Tuesday, December 28, 2010

Critical Eyes on Civilization

Last week, Ben Abraham posted an article calling for more persuasive games writing. In his post, Ben cited my recent article on Barbarians in Civilization V as an example of a piece that doesn’t quite achieve his desired goal. He states:

“Albor assembles the facts like a curios botanist might overturn a moss covered rock to see what grows underneath, and the facts are indeed worth assembling and investigating, however, Albor closes out the post before taking down any notes on what he finds under there. It finishes before reaching anything like its full potential.”

Looking back on my post, I could not agree more. While I both agree and disagree with Ben’s far more comprehensive article, I’ll be setting his many points aside (although for more, see David Carlton’s response and their brief conversation in his comments section.) Previously, I looked at one aspect of Civilization V’s procedural rhetoric and the game deserves much more. This post seeks to amend that error.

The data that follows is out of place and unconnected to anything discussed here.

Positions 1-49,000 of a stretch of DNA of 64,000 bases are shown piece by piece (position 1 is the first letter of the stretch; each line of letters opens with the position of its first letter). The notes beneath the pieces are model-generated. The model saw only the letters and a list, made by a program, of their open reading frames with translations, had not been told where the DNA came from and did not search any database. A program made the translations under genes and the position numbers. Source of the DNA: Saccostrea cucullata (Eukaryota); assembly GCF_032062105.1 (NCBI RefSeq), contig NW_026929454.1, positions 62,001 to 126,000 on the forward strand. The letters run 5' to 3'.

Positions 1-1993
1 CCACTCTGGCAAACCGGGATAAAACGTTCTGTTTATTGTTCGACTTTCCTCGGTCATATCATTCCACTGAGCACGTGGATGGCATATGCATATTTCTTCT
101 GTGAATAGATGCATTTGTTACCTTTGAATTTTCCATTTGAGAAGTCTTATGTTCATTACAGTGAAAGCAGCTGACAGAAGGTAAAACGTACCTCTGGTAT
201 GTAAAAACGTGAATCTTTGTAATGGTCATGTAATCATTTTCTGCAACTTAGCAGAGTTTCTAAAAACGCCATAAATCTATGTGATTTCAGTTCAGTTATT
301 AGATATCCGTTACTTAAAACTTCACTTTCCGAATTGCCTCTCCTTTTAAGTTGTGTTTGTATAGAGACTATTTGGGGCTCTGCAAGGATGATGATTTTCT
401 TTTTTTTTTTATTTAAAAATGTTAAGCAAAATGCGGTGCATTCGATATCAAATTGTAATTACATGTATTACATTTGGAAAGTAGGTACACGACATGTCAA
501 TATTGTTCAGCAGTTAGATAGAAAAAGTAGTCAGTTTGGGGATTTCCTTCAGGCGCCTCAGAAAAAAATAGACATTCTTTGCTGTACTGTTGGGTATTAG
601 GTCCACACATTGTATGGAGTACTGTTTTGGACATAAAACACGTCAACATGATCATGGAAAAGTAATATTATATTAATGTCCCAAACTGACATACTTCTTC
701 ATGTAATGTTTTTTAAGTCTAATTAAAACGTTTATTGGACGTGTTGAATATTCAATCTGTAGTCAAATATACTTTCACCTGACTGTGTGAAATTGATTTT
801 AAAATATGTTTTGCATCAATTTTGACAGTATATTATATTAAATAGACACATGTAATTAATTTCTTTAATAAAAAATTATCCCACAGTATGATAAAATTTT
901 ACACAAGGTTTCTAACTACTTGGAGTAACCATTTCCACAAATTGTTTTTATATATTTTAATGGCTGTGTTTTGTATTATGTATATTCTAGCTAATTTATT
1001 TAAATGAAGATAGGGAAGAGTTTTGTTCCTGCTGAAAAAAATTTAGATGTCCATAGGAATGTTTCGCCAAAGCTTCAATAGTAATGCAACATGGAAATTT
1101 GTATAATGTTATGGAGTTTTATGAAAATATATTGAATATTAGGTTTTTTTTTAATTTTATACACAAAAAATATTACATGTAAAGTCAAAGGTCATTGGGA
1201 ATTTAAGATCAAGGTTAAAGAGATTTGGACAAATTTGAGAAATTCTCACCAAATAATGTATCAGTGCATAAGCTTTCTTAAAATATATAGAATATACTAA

There are a few important aspects of Civilization V that are very important to recognize, but that I do not want to belabor entirely. Civilization V is dangerously simplistic of identity groups at best, if not flat-out racist. India’s unique trait, for example, is “Population Growth,” which doubles unhappiness from the number of cities and halves unhappiness from total population. This feature is most suitable for cultural victories. Firaxis mechanically constructed the Indian civilization, and cultural expansion in general, to conform to the notion of culture as a calculable attribute of groups of people, a notion that suggests the crowded streets and slums of Delhi, Mumbai, and Kolkata compose the necessary features of a cultural Mecca. Meanwhile, these densely packed cultural oddities, the game suggests, are relegated to fanciful dreams of utopia. India is just one example of vagrant stereotyping among many.